Er, not really. Read about Anne Mustoe, a former headmistress who cycled around the world. She hadn't cycled in 30 years, yet she just got on her bike and did it, getting fitter as she went along. We're not quite that out of practice - I've been using a bike on various commutes for about five years and even Dgym has been known to ride occasionally. We'll try to do a few more rides before we leave. But there's no rush, so we'll just pick it up as we go along.


So, when are you leaving?
Alright, alright... we know where we're not wanted. We've just been informed that Dgym's getting his trike on Friday. So with any luck, and a bit of organisation, we'll get going next Friday.


I'm so jealous! Can I come along?
If you can keep up...

Thursday, March 23, 2006

Our route around Europe


This is a rough plot of our intended route around Europe. It was plotted using Gmaps Pedometer (see interactive version of the route), which builds on the most excellent Google Maps (although I wish they had more detailed maps of the European continent).

Although the intention is to tour continental Europe, we won't be leaving England straight away, because (a) one of us is guaranteed to forget something (b) we will be using new camping equipment and a new trike - so if something's going to go wrong early on, or we're missing something, we'd rather it was closer to home.

From our current residence in Guildford, Surrey, we will head west towards my home county of Dorset where we will make a nuisance of ourselves to various family members, before leaving the country via Poole Harbour, crossing to Cherbourg.

From Cherbourg we will stick vaguely close to the coast through Belgium, the Netherlands and Germany, taking in a section of the North Sea Cycle Route. At some point in Germany we'll leave the coast and head for western Poland. Poland's one of those cheap-but-not-too-dodgy countries that's interesting to us for potential habitation, so we may stop there a while and see what life's like there.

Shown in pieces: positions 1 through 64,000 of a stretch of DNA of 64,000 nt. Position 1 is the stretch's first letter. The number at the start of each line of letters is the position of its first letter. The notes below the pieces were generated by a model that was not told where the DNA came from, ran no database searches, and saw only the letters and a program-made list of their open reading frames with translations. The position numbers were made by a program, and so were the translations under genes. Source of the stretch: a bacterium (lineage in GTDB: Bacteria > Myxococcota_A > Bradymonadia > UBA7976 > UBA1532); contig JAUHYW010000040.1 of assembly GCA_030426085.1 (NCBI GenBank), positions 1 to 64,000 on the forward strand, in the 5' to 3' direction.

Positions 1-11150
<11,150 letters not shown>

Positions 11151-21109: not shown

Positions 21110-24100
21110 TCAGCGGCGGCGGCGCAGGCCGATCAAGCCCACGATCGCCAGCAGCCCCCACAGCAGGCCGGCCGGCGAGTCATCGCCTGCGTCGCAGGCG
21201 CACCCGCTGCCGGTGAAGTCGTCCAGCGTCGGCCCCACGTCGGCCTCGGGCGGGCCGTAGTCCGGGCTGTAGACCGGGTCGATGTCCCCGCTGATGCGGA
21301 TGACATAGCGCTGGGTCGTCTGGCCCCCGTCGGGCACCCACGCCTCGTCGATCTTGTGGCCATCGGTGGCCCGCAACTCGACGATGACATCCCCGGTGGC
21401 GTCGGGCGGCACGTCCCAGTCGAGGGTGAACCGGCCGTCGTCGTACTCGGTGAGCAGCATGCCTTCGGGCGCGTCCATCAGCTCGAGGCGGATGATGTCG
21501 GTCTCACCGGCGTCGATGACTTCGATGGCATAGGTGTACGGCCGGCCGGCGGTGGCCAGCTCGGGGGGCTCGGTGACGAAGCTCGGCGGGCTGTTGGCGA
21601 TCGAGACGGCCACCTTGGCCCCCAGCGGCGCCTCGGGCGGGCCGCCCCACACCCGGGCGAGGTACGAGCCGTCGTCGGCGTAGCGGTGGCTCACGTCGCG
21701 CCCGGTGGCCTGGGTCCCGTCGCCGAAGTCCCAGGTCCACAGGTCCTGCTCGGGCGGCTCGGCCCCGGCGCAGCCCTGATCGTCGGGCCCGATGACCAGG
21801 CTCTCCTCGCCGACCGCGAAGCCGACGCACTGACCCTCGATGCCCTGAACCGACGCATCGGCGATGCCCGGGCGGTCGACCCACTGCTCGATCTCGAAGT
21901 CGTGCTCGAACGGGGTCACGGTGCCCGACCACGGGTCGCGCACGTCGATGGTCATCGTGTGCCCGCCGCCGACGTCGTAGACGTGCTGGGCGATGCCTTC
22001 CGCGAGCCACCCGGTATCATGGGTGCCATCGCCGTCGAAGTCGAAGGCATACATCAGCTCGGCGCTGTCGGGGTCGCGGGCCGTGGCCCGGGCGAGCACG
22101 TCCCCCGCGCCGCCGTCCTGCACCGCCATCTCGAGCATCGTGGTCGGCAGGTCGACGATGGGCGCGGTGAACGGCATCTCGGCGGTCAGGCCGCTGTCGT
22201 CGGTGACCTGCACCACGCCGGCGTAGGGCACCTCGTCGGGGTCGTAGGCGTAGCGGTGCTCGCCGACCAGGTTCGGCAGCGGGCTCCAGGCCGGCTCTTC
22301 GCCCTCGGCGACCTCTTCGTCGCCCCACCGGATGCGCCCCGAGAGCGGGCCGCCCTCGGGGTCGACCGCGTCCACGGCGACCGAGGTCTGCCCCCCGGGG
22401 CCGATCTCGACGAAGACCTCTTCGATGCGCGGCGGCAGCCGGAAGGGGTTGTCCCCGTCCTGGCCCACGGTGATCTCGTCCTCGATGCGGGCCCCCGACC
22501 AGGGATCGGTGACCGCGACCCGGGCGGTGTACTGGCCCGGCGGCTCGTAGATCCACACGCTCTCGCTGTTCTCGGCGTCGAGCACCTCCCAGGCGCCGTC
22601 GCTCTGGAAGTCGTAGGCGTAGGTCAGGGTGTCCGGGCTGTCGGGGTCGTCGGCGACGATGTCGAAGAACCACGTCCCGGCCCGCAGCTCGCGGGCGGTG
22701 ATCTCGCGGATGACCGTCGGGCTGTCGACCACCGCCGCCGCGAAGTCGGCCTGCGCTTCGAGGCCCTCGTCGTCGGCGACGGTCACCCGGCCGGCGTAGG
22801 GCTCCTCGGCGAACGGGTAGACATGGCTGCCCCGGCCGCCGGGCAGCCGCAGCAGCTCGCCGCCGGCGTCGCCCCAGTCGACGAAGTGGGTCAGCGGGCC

After Poland, we'll stop our eastward travel and turn southwestwards towards the Czech Republic. This is where we start seeing proper gradients - there is a mountain range between the two countries. At Vienna, we will meet the Danube and follow it west back into and across south Germany.

We'll have to get away from the Danube at some point, and it's probably best to do that before it hits the mountains. After that it'll be France again, trying to dodge the mountains wherever possible - unfortunately, with Portugal as a final destination, the Pyrenees are inevitable.

Portugal seems like a good place to spend the winter months (cheap-and-not-too-dodgy, but also doesn't have Polish winters), so we will most probably end our trip there in the autumn.